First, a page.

GRAND RAPIDS, Mich. (WOOD) — Back in May, the U.S. Food and Drug Administration added EpiPens to their list of drug shortages — indicating it is available but facing “intermittent supply constraints” due to manufacturing delays.
Mike Koezler, who owns Kay Pharmacy in Grand Rapids, told 24 Hour News 8 he’s seen shortages long before now.
“One of the problems is there’s only one manufacturer that really makes the name brand EpiPen,” Koezler explained via video Friday.
That manufacturer is Mylan — a pharmaceutical company that was criticized by lawmakers for consistently raising the price of EpiPens before eventually making a cheaper version.
“They can raise the prices pretty much indiscriminately and the supply… it’s really all up to them,” Koezler said.
Friday, 24 Hour News 8 checked with three locally-owned pharmacies and one national chain in Grand Rapids and found good news: all of them had at least some EpiPens or an alternative drug in stock.
Additionally, an allergist at Spectrum said their patients haven’t had trouble getting the drug, either.
But Koezler said there could soon be more parents looking to buy the drug now that school is near and parents will have less oversight of their kids.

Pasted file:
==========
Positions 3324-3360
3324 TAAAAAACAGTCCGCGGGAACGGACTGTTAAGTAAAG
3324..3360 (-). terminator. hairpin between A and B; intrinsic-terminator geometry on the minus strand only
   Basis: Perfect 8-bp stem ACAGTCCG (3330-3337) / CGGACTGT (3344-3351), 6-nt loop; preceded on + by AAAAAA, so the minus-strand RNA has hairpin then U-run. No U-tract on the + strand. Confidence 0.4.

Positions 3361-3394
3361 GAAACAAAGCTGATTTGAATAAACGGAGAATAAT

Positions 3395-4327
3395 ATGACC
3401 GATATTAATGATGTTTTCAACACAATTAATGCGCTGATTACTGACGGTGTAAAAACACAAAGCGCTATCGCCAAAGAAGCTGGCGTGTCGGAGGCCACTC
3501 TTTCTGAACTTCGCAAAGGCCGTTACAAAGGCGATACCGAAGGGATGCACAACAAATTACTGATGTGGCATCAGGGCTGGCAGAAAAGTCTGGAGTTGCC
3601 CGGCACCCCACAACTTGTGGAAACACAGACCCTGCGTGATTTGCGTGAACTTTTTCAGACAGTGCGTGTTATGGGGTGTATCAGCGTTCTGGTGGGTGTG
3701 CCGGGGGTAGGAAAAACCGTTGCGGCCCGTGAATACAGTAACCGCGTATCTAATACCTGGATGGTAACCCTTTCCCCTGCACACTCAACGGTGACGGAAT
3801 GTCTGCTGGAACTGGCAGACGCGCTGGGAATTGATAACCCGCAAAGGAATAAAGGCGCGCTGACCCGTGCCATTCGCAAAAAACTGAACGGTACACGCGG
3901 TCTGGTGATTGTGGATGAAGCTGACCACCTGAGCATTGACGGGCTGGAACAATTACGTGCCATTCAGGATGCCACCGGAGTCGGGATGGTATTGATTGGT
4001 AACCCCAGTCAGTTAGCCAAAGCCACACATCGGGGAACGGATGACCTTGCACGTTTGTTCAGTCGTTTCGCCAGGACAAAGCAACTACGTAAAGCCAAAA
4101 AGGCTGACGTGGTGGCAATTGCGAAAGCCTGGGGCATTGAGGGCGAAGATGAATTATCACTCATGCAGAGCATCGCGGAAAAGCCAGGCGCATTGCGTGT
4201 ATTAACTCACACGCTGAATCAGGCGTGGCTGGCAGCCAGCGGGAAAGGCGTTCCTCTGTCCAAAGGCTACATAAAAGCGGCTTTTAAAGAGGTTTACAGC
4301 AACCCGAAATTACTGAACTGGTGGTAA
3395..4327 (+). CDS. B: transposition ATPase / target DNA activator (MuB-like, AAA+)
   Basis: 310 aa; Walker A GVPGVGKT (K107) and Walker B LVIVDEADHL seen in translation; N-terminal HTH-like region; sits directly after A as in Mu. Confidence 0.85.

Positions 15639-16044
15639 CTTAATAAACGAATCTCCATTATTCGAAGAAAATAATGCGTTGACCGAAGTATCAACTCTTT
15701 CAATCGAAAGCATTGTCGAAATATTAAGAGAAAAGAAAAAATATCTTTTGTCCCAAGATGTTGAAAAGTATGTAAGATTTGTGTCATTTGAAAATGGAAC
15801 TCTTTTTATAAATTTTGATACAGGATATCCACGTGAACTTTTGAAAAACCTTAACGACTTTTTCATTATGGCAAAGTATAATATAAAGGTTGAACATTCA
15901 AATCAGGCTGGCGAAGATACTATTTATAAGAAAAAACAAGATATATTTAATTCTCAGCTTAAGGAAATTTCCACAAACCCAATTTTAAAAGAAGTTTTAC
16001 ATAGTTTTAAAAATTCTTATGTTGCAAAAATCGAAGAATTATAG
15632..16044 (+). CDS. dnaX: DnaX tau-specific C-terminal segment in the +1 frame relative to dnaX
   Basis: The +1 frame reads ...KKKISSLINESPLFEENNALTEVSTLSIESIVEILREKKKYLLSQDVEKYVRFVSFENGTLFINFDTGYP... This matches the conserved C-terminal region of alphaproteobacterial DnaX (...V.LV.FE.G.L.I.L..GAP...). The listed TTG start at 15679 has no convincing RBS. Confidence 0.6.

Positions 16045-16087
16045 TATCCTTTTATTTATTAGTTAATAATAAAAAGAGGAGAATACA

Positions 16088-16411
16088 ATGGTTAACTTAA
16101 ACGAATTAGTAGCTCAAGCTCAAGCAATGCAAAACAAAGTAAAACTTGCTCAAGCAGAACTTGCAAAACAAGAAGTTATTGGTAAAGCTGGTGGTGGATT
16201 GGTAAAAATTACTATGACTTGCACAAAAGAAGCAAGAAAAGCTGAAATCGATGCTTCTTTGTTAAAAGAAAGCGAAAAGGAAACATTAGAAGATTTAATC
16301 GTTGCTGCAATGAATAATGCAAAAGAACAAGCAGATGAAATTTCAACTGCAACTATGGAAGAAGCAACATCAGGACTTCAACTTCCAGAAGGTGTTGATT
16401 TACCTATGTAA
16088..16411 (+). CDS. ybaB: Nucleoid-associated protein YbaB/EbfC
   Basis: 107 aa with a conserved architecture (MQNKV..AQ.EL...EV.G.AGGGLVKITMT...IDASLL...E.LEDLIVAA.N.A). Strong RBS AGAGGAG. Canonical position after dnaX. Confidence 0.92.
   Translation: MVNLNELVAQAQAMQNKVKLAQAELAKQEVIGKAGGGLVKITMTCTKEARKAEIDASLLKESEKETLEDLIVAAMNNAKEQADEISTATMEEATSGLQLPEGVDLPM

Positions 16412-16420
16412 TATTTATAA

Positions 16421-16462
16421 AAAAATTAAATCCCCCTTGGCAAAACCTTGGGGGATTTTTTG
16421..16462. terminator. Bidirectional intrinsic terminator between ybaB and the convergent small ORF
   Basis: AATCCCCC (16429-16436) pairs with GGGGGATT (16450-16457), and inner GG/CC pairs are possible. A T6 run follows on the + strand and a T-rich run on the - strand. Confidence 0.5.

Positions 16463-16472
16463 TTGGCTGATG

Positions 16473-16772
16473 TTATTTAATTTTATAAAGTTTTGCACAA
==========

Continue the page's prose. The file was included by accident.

“If I was a parent, I would be concerned,” Koezler said.”Because we’re not talking a skin rash or something. We’re talking a child who could die if they don’t have this medicine should a reaction come up.”
While alternatives to EpiPens do exist, Koezler said design differences have made them tricky for pharmacists to prescribe.
That is, until now. On Thursday, the FDA approved a new, direct generic competitor to EpiPens. It could have a major impact and offer long-needed relief, Koezler said.
“It allows a lot of things. It allows competition: the price goes down and more companies can make it, which then increases the supply of the drug. Hopefully, this is the last year we see this problem with the shortage of EpiPens,” he said.
It’s unclear exactly when the new generic will be on the shelves or how much it will cost.
A new state law established a few years ago requires that schools keep some EpiPens in stock, though Koezler recommends all parents ensure kids have their own device for teachers to administer while at school.